With the regular series underway, the world of Eclipse is getting a little bigger. After a solar event, referred to as the “Flare,” turned sunlight deadly and killed the majority of the people on Earth, survivors in New York City have taken to living underground. In the first story arc, a sunlight-immune priest goes on a killing spree, only to be stopped by ex-firefighter David Baxter. Now, Baxter is trying to find another of the sunlight immune people, who might be the key to immunity for the rest of the population. To find him, Bax is going to have to venture out into the sun-scorched wasteland, with only his refrigerated “Iceman” suit to protect him. Is it good?
Writer: Zack Kaplan
Artist: Giovanni Timpano
Publisher: Top Cow Publishing
Since the Priest incident ended, Baxter has taken a job with Solarity, the city’s supplier of electricity, and began working with the police on a full-time basis. Of course, Baxter doesn’t really trust the government or Solarity, believing they know more about the sunlight-immune people than they are letting on. By working with them he thinks he’ll be able to uncover the truth and whether he can really trust mayor Brandt, who happens to Baxter’s old fire chief and the head of Solarity. This issue has Baxter on a mission to barter with the leader of a militarized faction of survivors that live apart from the city in West Point Military Academy. We found out last issue that the former mayor of New York, who was outcast from the city, is the new leader and they seem to be armed and dangerous.
The other angle being followed has Cielo, the mayor’s daughter and target of the priest from the first arc, searching for answers for why she was on the killer’s list. It’s making her question the leadership of the city, as she has to make a decision about finding the truth or letting the past trauma paint her as a victim. This leads her to venture to the “underground” portion of the city, a much more dangerous and shady area, to find a person called the “Conductor” who supposedly knows everything that goes on.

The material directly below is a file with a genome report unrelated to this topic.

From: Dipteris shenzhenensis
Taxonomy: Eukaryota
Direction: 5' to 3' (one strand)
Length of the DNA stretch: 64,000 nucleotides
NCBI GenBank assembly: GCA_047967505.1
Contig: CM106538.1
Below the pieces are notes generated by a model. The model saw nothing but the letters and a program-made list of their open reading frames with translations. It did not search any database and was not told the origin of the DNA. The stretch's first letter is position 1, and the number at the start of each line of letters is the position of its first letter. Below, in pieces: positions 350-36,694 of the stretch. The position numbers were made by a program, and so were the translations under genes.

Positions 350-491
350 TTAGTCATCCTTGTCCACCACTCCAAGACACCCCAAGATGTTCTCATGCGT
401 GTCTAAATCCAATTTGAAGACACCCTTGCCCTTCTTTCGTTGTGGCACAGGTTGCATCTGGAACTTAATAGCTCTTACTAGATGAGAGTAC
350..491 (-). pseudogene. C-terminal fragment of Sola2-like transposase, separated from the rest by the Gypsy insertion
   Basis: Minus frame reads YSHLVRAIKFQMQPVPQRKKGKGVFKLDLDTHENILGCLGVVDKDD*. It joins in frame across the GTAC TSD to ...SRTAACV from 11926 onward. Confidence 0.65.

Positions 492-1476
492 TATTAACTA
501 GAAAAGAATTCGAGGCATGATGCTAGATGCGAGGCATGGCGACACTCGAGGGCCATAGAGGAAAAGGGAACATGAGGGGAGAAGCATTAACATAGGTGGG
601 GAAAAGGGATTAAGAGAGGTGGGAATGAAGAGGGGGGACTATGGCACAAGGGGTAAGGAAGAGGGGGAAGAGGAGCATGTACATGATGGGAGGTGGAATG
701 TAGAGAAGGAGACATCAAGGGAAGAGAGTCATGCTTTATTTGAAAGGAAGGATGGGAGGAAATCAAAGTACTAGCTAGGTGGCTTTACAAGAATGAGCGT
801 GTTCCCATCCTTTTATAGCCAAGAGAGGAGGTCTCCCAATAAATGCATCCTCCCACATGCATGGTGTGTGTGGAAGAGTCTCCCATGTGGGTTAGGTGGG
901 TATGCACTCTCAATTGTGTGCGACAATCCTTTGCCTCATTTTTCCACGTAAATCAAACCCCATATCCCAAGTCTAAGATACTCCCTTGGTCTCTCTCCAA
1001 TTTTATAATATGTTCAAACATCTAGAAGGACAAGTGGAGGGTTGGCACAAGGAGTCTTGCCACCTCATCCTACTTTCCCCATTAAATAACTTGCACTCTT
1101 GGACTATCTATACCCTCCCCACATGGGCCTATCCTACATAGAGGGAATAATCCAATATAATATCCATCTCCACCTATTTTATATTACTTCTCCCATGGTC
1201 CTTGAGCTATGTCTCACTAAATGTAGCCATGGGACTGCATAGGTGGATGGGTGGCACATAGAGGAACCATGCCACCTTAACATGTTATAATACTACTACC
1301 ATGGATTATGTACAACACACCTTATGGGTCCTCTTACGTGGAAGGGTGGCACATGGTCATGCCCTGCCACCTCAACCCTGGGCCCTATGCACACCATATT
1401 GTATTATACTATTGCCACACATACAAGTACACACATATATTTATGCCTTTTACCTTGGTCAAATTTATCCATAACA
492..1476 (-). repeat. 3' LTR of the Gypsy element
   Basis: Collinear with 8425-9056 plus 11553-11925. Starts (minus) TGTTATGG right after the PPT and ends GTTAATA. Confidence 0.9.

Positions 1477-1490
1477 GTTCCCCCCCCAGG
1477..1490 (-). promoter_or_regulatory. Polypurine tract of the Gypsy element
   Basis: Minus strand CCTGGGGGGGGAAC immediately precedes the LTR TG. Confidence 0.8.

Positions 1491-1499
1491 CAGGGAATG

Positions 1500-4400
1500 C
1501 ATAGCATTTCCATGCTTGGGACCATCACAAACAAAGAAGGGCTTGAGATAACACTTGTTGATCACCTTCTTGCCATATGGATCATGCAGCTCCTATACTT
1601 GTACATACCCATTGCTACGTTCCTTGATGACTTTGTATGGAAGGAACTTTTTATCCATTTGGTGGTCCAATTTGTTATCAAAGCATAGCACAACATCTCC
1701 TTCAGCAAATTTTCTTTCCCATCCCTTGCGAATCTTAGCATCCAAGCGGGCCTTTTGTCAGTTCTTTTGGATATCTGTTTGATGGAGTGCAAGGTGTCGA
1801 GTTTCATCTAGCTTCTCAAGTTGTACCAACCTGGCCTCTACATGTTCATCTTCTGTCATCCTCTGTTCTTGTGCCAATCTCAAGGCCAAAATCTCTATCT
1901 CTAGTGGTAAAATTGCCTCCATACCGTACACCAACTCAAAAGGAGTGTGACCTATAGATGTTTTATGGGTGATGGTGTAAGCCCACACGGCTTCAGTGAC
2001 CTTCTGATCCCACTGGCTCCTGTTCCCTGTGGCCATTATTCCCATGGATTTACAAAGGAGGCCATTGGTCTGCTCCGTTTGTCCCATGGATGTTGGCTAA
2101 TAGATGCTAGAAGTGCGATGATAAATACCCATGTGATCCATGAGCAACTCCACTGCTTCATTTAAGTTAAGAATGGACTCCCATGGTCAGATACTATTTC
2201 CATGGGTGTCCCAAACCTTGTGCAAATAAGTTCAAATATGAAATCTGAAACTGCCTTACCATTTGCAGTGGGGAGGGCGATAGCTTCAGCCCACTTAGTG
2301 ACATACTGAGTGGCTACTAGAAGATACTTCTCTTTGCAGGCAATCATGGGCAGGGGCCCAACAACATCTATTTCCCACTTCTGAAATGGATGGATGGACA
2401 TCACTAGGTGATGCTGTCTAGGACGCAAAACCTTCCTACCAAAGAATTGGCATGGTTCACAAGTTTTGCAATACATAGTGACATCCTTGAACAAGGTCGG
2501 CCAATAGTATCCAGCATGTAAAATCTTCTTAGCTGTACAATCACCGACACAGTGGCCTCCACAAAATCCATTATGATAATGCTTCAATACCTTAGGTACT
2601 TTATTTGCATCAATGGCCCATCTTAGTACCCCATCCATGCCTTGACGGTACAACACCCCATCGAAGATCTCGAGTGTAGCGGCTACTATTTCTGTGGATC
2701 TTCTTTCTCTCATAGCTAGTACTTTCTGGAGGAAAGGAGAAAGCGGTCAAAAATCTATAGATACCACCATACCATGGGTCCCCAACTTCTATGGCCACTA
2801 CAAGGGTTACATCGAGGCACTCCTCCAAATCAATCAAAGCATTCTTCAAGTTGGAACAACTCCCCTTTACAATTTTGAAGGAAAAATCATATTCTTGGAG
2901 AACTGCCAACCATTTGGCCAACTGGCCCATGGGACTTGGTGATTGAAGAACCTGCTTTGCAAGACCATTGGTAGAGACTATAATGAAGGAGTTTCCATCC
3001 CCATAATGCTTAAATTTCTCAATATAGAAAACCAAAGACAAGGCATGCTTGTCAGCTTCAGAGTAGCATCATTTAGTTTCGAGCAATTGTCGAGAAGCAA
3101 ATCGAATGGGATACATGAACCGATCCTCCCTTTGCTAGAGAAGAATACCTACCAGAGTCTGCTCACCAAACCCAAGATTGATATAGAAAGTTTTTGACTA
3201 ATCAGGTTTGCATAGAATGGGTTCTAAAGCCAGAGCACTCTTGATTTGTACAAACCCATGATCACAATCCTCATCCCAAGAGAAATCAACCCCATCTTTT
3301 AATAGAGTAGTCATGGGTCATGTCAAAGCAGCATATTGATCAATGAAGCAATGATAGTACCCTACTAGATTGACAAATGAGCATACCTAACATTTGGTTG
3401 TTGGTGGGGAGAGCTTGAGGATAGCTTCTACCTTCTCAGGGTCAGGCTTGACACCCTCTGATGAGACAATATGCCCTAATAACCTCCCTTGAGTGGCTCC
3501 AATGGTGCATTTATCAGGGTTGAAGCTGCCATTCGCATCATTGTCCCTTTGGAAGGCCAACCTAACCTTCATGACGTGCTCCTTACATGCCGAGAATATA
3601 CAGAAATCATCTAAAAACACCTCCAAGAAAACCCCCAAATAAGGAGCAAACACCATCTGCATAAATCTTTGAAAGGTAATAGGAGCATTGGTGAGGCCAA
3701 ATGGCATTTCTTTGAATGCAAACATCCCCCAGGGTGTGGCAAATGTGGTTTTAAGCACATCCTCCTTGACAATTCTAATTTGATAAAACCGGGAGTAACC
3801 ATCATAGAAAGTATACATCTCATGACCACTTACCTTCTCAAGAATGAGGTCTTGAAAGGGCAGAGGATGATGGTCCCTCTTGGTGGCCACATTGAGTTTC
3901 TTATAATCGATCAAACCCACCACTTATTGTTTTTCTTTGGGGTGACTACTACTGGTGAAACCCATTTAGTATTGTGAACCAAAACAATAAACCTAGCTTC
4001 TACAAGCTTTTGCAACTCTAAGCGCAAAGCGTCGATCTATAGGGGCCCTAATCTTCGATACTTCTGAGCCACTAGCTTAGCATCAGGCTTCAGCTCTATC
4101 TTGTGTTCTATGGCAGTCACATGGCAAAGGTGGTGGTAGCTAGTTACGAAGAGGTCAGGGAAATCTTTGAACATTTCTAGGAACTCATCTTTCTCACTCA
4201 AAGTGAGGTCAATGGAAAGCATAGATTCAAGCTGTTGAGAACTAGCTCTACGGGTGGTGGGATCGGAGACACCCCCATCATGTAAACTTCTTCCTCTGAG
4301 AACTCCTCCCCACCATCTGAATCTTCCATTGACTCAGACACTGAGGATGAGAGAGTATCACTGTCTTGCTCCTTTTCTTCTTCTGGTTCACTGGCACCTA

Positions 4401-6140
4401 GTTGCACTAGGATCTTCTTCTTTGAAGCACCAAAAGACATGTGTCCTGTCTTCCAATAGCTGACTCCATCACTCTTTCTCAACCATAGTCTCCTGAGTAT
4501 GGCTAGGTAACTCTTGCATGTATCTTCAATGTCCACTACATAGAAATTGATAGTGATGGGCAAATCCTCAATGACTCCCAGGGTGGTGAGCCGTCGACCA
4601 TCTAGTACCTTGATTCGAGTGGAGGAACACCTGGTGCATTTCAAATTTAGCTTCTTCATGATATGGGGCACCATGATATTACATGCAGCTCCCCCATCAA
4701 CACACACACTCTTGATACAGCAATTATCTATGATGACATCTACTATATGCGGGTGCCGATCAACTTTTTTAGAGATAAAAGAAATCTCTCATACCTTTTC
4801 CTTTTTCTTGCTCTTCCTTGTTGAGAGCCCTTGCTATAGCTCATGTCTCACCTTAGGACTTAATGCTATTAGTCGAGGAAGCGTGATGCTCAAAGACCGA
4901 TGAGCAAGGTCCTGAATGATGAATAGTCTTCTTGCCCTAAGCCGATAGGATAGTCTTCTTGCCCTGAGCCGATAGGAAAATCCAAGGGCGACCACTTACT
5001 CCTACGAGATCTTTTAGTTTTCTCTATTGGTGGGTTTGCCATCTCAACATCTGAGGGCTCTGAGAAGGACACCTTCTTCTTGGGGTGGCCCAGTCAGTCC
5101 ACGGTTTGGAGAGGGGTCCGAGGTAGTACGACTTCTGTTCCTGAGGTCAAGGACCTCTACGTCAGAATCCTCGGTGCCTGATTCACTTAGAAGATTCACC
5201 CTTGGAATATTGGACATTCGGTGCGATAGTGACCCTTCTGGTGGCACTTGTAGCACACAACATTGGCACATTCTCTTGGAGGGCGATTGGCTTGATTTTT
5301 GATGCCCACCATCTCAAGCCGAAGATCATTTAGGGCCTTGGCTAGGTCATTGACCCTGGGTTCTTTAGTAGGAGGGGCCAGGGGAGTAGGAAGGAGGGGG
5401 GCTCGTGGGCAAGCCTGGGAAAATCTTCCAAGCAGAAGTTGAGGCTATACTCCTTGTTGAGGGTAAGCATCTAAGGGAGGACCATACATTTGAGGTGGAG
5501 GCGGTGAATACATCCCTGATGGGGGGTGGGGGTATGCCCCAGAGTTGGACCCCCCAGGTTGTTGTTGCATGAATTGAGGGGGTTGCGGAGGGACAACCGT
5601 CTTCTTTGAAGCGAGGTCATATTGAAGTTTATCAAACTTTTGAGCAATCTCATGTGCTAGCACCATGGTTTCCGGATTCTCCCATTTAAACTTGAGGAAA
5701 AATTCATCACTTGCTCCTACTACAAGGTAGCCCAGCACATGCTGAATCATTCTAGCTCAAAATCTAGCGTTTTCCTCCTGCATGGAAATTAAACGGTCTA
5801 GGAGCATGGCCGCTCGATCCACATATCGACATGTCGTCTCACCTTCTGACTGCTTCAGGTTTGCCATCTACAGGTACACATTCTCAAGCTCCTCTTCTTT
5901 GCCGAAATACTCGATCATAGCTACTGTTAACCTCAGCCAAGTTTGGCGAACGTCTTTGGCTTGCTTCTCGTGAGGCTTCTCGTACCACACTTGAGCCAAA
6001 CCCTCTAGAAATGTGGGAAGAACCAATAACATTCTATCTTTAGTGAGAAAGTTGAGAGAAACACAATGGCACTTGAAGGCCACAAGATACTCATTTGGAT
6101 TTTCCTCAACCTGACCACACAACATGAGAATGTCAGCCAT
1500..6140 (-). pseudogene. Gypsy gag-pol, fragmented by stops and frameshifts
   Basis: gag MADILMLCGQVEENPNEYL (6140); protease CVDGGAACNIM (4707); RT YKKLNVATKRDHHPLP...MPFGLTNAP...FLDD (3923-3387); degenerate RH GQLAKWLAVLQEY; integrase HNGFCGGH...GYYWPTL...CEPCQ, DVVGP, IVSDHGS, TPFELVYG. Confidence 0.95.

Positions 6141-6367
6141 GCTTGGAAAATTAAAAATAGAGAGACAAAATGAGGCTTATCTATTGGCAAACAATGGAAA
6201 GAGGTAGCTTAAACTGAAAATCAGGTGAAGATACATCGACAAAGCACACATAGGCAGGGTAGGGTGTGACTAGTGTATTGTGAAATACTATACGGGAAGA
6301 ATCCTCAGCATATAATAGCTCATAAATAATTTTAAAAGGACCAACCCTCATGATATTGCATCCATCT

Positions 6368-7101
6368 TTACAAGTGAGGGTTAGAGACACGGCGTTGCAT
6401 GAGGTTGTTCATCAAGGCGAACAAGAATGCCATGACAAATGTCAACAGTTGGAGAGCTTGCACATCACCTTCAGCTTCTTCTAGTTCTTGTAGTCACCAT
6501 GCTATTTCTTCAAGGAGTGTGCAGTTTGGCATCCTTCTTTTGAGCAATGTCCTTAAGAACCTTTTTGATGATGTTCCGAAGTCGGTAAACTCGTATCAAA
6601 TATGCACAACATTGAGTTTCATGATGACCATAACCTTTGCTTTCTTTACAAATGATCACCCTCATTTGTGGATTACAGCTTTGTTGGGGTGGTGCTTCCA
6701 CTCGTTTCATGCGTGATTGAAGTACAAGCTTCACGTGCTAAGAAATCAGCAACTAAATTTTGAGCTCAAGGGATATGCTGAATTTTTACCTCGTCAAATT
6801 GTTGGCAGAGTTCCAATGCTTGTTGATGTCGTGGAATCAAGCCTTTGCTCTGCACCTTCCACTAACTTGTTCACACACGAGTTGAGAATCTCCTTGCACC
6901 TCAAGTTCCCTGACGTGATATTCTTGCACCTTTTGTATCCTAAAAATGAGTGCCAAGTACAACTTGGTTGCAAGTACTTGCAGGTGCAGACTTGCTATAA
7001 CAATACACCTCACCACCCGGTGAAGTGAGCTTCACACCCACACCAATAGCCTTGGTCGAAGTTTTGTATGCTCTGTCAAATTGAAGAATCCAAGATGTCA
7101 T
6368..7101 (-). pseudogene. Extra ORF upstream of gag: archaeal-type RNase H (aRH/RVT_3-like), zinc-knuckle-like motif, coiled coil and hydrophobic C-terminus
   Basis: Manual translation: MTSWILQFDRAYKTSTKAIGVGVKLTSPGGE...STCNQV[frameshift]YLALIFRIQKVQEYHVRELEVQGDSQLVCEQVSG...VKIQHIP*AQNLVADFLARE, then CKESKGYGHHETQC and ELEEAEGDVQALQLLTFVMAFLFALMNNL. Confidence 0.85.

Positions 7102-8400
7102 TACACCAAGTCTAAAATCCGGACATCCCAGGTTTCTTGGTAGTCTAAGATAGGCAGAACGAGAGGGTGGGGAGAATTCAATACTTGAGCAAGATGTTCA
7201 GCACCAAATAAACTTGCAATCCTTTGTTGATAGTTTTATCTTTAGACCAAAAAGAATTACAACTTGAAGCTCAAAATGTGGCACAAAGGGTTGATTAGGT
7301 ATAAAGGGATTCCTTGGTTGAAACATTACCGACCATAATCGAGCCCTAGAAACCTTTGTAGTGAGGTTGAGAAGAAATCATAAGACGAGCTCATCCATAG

Writer Zack Kaplan continues to impress with his world building. Because the first arc was very self-contained, with the larger details of the Eclipse world only being reveled as were necessary, each new volume is a bit of a discovery. It’s a great metaphor to see Baxter walking alone through the desert to the heavily fortified camp of the Ex-Mayor Holden, as it parallels his mission to find out what secrets Solarity is hiding, and what danger may be all around.
Kaplan also expands the world within the walls of the city, as Cielo’s own quest for answers leads to the underground area of New York. There are some hints here of bigger things to come and the introduction of what I assume will be an important character in the future. It’s nice to see him expanding Cielo’s role, since in the first arc she spent the majority of the time being saved by Baxter and running for her life. Giving her the lead in her own storyline has allowed us to see a different point of view from someone who isn’t as world weary as Baxter. Kaplan writes her with these vulnerabilities and insecurities, but he’s also showing us that’s she’s willing to become strong in order to not be a victim again.
Artist Giovanni Timpano makes everything look great, as he has since the first issue. I always like the open, landscape panels that have come to be synonymous, to me, with an issue of Eclipse. It makes the world, with its harsh, lethal daylight, a character that plays as large a role as any of its human co-stars. Flavio Dispense is on colors and does some nice work. In particular, a scene in the underground has a nice contrast between the shadowy environment and the deadly rays of sunlight that have broken through holes in the roof. A chase happens here, where the runners have to dodge and weave through them, which is a highlight of the volume.
Is It Good?
Kaplan and company are on a roll right now. The book is interesting and filled with all the things that have made the series unique, such as the cinematic framing of action sequences and minimalist dialogue when there’s nothing to say and the panel can stand on its own. Both characters’ storylines are interesting, with lots of tension and cliffhanger endings. We’re beginning to see the story building its mystery to future revelations and the pacing has been fantastic. The fact that it’s been done without a deus ex machina or a lot of red herrings to prop it up gives me faith the book’s going to continue on its hot streak for the foreseeable future.
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